Mak et al. [13] suggest that the duration of hyperlactatemia is a more important risk factor than the peak lactate concentration for cardiac surgical patients. The authors propose that persistent elevations in lactate are due to a state of ongoing reduced perfusion, leading to a significant increase in mortality risk. This is consistent with our findings regarding the correlation of reduced lactate clearance and increased mortality. Thus, an irreversible cause of hyperlactatemia and reduced hepatic and renal clearances due to multi-organ failure seem to be crucial in risk calculation. However, there are many studies for post-cardiac surgery patients regarding hyperlactatemia and lactate clearance but there is a need for prospective further studies evaluating general surgical patients.

Our findings confirm the association between the timing of severe hyperlactatemia and ICU mortality. Patients, who already showed severe hyperlactatemia at ICU admission, had a significantly increased risk of mortality comparing to patients with lactate levels < 10 mmol/L. This goes along with data of a European prospective study in patients with liver cirrhosis showing the significant impact of admission lactate levels on 28-day mortality [20]. Juneja et al. demonstrated that hyperlactatemia is commonly evident on admission to a general medical ICU and is associated with increased need for organ support and increased ICU mortality [12]. The outcome of patients with hyperlactatemia on admission is worse, independent of the presence of hypotension. Hyperlactatemia on admission can guide in identifying patients at higher risk of mortality [12].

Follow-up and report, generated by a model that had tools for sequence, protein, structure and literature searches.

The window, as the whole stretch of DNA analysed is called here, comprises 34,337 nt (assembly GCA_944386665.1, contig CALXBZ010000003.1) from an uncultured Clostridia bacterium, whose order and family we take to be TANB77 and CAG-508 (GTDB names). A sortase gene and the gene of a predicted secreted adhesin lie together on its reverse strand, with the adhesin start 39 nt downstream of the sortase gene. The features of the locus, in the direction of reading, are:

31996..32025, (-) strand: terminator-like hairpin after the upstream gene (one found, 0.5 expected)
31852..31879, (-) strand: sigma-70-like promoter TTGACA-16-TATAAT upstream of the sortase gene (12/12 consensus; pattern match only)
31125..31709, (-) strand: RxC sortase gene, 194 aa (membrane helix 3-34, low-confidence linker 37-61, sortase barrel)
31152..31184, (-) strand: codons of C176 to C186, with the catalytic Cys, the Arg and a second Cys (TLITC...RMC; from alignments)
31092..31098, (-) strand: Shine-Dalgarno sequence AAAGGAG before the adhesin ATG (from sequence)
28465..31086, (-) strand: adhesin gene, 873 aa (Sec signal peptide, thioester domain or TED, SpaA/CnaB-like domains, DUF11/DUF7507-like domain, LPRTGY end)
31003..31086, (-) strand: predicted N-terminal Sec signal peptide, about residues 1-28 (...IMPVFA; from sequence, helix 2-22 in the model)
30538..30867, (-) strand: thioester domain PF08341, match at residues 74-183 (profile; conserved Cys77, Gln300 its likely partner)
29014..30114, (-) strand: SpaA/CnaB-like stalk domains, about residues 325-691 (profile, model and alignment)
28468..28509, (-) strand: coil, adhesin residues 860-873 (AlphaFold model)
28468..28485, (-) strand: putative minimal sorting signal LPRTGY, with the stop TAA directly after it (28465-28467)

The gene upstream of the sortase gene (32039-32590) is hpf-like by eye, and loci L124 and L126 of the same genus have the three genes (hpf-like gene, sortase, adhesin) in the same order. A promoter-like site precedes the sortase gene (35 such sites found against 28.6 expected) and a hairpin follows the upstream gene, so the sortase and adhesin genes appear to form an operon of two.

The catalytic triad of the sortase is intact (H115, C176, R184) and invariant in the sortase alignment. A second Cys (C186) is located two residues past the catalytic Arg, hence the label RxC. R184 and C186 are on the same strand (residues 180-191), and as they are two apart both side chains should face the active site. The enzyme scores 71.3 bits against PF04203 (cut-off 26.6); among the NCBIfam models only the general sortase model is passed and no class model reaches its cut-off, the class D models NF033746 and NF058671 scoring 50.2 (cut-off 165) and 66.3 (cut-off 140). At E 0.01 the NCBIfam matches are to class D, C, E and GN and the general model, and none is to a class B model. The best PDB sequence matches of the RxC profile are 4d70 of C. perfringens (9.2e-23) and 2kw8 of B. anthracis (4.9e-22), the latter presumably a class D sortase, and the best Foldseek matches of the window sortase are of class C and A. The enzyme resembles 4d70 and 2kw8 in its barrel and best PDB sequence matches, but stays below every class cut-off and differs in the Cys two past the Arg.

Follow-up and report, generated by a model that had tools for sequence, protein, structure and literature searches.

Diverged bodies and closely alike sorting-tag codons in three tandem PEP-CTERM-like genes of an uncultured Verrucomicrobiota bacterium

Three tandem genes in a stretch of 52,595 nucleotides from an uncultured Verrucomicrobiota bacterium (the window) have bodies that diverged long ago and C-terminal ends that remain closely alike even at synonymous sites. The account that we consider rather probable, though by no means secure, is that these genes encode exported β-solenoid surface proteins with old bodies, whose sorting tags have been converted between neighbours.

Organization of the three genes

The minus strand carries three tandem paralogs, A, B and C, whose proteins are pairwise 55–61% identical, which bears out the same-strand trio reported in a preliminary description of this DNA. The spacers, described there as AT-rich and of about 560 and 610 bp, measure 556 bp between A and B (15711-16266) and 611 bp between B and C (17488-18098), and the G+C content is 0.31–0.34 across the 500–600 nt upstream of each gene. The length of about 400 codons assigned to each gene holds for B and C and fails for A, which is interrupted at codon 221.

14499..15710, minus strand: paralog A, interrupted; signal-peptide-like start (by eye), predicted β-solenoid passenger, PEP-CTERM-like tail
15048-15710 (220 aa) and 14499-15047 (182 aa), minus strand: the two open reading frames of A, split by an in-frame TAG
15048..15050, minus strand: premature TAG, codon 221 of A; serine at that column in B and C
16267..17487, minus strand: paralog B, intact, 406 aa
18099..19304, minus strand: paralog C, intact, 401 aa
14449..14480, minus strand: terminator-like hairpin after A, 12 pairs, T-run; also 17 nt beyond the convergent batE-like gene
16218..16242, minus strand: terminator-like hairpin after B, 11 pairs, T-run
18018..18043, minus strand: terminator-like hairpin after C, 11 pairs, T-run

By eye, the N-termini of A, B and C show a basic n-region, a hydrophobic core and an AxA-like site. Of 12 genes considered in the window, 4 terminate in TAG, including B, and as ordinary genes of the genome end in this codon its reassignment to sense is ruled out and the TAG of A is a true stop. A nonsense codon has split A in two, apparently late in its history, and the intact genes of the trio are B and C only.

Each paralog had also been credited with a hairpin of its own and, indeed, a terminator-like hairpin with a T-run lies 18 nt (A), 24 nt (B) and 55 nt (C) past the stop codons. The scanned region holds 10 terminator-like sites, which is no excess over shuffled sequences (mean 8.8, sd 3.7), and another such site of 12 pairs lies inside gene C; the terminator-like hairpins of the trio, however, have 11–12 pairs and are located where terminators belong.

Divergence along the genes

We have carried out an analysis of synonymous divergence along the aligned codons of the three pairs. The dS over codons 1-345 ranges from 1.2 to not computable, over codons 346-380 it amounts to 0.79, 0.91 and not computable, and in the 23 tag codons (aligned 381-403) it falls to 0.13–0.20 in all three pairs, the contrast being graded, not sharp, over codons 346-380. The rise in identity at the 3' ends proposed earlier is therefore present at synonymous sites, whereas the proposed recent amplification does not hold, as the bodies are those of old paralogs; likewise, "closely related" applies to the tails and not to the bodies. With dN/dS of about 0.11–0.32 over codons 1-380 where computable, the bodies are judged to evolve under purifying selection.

Regarding our results, it can be assumed that patients with severe hyperlactatemia on admission have basically not received causal therapy so far, and thus have a worse outcome than patients who develop hyperlactatemia in the ICU receiving differentiated therapy, e.g., in the context of postoperative hemorrhage or seizure. This could explain the lower overall survival and is an important finding with regard to further prognosis-adapted therapy.

Our single-center retrospective study demonstrated that severe hyperlactatemia is associated with poor clinical outcome in unselected surgical patients. Moreover, we showed that a slow or negative lactate clearance is associated to higher mortality rates.